Friday, March 27, 2009

This Is How We Do It - Matzah Style

The great and powerful Kym asked me to elaborate on how my family and John Dear's family celebrate Pesach (Passover), and me, I'm a giver, so here's a rundown.

Note: The following addresses how we celebrate Pesach in our own way. Please don't let me know that we're doing things incorrectly or not in accordance with halachah (the rules).

The Story
As I learned in Hebrew School, Pesach is the Jewish celebration that commemorates our time as slaves in Egypt and that, after the ten plagues, the Jews escaped from bondage into the desert and, eventually, into Israel. The holiday is called "Passover" because the Angel of Death passed over the homes of the Jews (whose doorways had been marked with lamb's blood) during the last plague (the Killing of the First-Born).

We eat matzah during Pesach to remember that, when the Jews escaped Egypt, they did not have time to allow their bread dough to rise and so, packed the dough on their backs to back in the hot, desert sun. The dough baked into flat crackers, so now we have matzah.

No Chametz
During the eight days of Pesach, those who observe do not eat or drink anything that contains chametz (From Chabad: Any food that's made of grain and water that has been allowed to ferment and "rise." Any food that contains grain or grain derivatives can be, and often is, chametz. ) In fact, we clean our homes so that no trace of chametz is present (or seal cabinets with chametz in it so that we can't get into it during Pesach). This observance can (and in my house does) even extend to using different dishes, silverware, kitchen utensils, pots and pans, and glasses. We also use tablecloths so that our plates and food are not touching tables that might have absorbed or been touched by chametz, and cover counters and refrigerator shelves for the same reason.

My family is less observant and when we were growing up, our matzah-eating was confined to the Seder (the ritual dinner celebrating Pesach). Now that we are older, my siblings and I are more observant and keep to the no-chametz rule (though I'm probably the most observant of the three of us).

Generally speaking, JD's family is more observant during holidays than mine is, so when we married, and because my faith motivated me to do so, I became more observant.

The Seders
The first two nights of Pesach (and I think the last one, but we never observed it) we have seders (ritual dinners). At the seder, we read from a booklet called a haggadah that guides us through the prayers and the retelling of our time as slaves in Egypt and the escape from bondage. JD's family uses a traditional haggadah, while my family uses a compilation of a traditional haggadah and a nursery school haggadah that my mom put together.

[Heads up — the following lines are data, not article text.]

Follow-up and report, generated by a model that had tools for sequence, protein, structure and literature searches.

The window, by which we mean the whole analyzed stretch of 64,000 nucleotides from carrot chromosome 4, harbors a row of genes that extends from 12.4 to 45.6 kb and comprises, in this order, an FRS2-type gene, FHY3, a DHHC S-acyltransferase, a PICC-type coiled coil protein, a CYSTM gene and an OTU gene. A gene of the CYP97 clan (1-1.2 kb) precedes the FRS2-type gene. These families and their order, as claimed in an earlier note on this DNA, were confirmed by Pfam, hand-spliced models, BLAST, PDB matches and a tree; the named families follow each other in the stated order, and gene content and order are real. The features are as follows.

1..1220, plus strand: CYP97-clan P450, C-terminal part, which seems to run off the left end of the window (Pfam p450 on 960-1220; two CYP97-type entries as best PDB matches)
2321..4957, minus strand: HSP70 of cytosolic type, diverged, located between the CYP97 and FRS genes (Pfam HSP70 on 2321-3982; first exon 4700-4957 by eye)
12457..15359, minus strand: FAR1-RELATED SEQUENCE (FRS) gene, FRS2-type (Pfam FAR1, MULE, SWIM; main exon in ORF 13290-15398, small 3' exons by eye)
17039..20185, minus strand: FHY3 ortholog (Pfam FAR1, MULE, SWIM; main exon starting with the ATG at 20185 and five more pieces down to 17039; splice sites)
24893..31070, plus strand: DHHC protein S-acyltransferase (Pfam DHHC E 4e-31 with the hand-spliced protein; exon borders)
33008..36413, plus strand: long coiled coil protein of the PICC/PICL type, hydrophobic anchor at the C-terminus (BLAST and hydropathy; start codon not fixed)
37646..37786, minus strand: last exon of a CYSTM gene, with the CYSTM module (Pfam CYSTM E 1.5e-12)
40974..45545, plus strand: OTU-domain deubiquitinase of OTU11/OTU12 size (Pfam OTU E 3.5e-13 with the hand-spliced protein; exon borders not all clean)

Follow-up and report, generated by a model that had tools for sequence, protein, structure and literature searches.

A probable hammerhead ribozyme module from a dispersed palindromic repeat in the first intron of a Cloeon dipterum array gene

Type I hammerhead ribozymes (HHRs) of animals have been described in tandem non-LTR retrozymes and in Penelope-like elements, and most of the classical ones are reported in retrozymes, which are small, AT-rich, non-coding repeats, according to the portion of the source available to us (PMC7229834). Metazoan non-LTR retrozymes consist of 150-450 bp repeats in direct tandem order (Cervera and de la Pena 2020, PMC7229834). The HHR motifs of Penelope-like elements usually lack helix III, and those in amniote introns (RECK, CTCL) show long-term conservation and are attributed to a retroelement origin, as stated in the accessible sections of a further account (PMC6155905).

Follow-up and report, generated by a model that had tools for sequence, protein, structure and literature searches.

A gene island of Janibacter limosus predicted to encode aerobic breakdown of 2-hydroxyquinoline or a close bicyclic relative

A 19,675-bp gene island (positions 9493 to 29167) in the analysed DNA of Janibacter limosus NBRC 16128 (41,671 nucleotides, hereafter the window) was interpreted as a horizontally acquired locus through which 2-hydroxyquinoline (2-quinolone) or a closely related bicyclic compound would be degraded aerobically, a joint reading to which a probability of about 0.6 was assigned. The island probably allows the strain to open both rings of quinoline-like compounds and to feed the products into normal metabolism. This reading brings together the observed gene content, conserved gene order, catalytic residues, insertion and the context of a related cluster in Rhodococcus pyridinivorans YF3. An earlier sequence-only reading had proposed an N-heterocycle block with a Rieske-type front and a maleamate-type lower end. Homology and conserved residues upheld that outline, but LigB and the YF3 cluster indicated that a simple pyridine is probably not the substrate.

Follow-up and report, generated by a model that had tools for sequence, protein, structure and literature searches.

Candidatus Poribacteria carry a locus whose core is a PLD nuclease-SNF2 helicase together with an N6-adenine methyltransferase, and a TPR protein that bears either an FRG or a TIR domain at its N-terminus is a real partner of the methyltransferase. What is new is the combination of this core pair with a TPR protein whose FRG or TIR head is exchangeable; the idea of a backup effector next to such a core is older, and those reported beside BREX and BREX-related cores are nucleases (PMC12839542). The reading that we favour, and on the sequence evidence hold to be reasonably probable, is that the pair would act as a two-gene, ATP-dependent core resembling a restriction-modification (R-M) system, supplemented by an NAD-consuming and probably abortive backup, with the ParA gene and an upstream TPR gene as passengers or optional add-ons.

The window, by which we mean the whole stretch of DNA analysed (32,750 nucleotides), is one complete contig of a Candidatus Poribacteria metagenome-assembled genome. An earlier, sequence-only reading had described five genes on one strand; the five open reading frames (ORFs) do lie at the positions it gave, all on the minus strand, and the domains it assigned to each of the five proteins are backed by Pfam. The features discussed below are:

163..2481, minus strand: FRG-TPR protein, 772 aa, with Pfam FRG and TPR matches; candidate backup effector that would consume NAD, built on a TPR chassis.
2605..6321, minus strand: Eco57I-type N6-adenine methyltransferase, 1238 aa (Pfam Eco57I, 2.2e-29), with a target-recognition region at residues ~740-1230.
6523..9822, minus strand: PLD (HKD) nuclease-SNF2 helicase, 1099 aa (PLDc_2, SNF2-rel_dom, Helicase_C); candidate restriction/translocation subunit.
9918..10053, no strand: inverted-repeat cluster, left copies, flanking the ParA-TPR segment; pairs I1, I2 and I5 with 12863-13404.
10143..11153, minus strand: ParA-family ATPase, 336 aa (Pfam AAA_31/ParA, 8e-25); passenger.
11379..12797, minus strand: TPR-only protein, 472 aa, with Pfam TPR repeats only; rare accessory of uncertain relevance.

In addition to matzah, there are several other traditional Pesach foods. We eat gefilte fish, (several kinds of fish mashed up and formed into fish meatballs), with matzah and horseradish. We also have chicken soup with matzah balls. My family traditionally has brisket and potato kugel (potato pudding) as well.

On the table, as the centerpiece, will be the seder plate. This is generally a large platter with places for the symbols of Passover:

1. Salt Water (symbolizing the tears of the slaves);
2. Parsley or other leafy green (another vegetable can be used - JD's family uses canned potatoes; which we eat dipped in the salt water);
3. Hard-Boiled or Roasted Egg (a symbol of the life cycle);
4. Roasted Lamb Shank (represents the sacrifice of the lamb at the Holy Temple in Jerusalem);
5. Bitter Herbs (commonly horseradish, a reminder of the bitterness of slavery);
6. Charoset (pronounced ha-row (like a boat)-set; a mixture of diced apple, nuts, raisins and honey that symbolizes the mortar mixed to build the pyramids).

We also have a cup of wine on the table for the Prophet Elijah who is supposed to visit every seder and drink from his cup.

For me, the highlight of our family seders is the talking, joking, singing and laughing that goes on throughout the meal. Oh, and the food, let's not forget that. :)


Anonymous said...

Dude- AWESOME breakdown! thanks!

VA Blondie said...

Thank you for sharing! It was an excellent explanation.

Jill said...

Thanks for sharing! the Jewish culture fascinates me... I love learning about it :)

Jen said...

Very interesting. Busy night for Elijah. :)

~Jess said...

Great post! The Jewish faith fascinates me.

Jo said...

Thanks so much for the breakdown. Your last post had me wondering so much that I actually googled Pesach -- although the explanations I found were not as *clear* as yours.

Hoping all your prep goes smoothly and you and JD truly enjoy your holiday.


Anonymous said...

Super interesting - thanks for sharing.

And the food? That is always WAY important at any gathering in my mind ;)


Lorza said...

I love the run down on your family traditions. I have read several books that talk about it- but they speak as if the reader already knows! I am going to have to bookmark this as a referal to myself. I enjoy learning other cultures and ways of life. I need to post one day on my time on the Apache Indian Reservation. That was fun!

Io said...

I love going to seder. Although I will always remember the first one I went to, where I took a HUGE bite of horseradish and almost died of shock. I hadn't realized how powerful it was!

Me said...

Charoset sounds really good to me.

(My husband's family is Polish Catholic and they're into hard boiled eggs for Easter. I've never really known why but I bet they choose that particular food is for a similar reason to the Jews. Learn something new every day.